A decision by the Malawi Police Service (MPS) to transfer eight police officers from Zomba and Mangochi districts to general duties for soliciting bribes whilst they worked in the criminal investigation and road traffic departments has not amused some citizens.
According to a communique signed by MPS service administration officer, KD Mulezo, seen by Nyasa Times, Patrick Pakundikana, Evelesi Chikanga, Shakira Chifisi and Nangwale based in Zomba as well as Kamfoloma and Chrissy Tengema based in Mangochi have been moved from the department of Road Traffic Directorate and Safety Services (RTDSS) to general duties.
Further, the communique adds, Billy Chibwe, and Officer Njolomole both based in Mangochi have also been moved from the Criminal Investigation Department (CID) to general duties—also for taking bribes from clients.
For those that served at the RTDSS department an order has been issued that they surrender their uniforms.
Officers booted out of the traffic department have been advised to surrender their uniforms.
Nyasa Times has learnt that the development comes following an outcry from the general public that some police officers were demanding money from clients, especially taxi drivers, for “route buying” within the concerned districts.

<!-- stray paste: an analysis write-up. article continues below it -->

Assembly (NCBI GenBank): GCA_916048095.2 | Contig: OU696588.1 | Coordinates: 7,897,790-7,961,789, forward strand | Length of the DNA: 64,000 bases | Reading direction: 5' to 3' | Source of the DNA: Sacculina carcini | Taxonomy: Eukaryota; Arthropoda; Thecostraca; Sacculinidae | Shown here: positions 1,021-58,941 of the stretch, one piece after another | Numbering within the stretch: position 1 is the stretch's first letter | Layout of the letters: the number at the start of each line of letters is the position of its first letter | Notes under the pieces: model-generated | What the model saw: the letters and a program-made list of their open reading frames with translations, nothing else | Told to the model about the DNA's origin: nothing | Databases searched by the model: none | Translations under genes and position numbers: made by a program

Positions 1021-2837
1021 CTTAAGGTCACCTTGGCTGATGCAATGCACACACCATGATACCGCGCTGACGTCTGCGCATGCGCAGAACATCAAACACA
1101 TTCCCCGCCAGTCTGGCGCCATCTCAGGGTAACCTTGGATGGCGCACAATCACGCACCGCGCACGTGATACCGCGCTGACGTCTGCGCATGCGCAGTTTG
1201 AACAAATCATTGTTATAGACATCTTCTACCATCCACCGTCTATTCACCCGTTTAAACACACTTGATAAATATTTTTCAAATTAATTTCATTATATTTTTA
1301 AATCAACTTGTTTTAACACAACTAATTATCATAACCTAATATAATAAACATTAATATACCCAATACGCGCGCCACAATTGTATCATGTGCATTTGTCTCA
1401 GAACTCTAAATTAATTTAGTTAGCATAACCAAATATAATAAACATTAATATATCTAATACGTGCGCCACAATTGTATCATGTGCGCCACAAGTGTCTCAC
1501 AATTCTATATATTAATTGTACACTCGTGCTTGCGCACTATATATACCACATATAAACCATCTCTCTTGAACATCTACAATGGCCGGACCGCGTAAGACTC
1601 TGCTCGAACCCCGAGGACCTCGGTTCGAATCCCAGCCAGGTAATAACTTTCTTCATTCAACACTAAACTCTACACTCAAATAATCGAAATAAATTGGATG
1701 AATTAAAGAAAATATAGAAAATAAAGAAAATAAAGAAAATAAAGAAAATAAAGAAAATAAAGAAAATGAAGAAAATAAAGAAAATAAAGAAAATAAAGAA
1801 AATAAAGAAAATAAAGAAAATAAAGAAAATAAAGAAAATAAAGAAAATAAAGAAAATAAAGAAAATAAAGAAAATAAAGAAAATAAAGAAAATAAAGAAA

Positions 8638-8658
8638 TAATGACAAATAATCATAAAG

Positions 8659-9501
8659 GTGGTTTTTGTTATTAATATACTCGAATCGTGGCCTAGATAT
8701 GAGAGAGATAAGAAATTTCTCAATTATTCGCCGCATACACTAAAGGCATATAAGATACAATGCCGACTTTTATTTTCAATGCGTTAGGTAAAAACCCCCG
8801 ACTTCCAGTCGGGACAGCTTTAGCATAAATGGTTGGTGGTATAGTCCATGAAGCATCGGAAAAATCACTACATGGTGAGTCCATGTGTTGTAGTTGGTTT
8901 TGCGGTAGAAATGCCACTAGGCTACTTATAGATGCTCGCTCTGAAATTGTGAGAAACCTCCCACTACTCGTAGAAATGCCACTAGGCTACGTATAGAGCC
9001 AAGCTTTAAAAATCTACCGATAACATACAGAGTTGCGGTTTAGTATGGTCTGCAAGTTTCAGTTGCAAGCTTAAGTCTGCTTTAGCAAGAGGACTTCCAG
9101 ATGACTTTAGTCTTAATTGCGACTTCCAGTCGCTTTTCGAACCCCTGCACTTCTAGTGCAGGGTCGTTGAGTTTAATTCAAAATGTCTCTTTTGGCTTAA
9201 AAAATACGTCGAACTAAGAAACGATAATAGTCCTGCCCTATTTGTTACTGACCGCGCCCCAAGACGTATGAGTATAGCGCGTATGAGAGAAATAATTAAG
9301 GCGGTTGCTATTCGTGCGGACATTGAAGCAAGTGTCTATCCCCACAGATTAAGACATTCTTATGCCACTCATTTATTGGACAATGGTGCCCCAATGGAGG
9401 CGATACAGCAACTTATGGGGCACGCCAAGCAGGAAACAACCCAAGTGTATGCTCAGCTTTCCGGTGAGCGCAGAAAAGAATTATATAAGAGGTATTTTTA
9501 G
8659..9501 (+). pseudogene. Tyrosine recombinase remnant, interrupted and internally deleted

MPS spokesman, James Kadadzera, has since reprimanded the moved officers saying the mandate of the service was to serve.
But distinguished law professor at the University of Malawi, Chancellor College, Edge Kanyongolo, on reacting to the news simply wondered: “Transfer as punishment for crime?”
And, James Chavula, one of the senior editors at Nation Publications Limited (NPL), took to his Facebook page and lamented at how the law enforcement agency smiled at its corrupt workers.
“Transferring the problem from one department to another is just what it is—appeasement, not a deterrent punishment for the bribery that the security agency seems to tolerate guns down,” wrote Chavula.
He added: “The fact that transfers from the C.I.D and traffic departments are seen as a punishment in itself amplifies the fear that bribery, also sanitized as kickbacks, have made these vital departments so lucrative that those kicked out have to wear sackcloth and roll in hot ash in atonement.”
The multi award-winning journalist wished Minister of Homeland Security, Richard Chimwendo Banda, did better on getting rid of the rot in his camp.
“This is a good example of how not to fight a culture of kickbacks in a police service widely perceived as the most corrupt State agency by the people it is supposed to serve,” wrote Chavula.Follow and Subscribe Nyasa TV :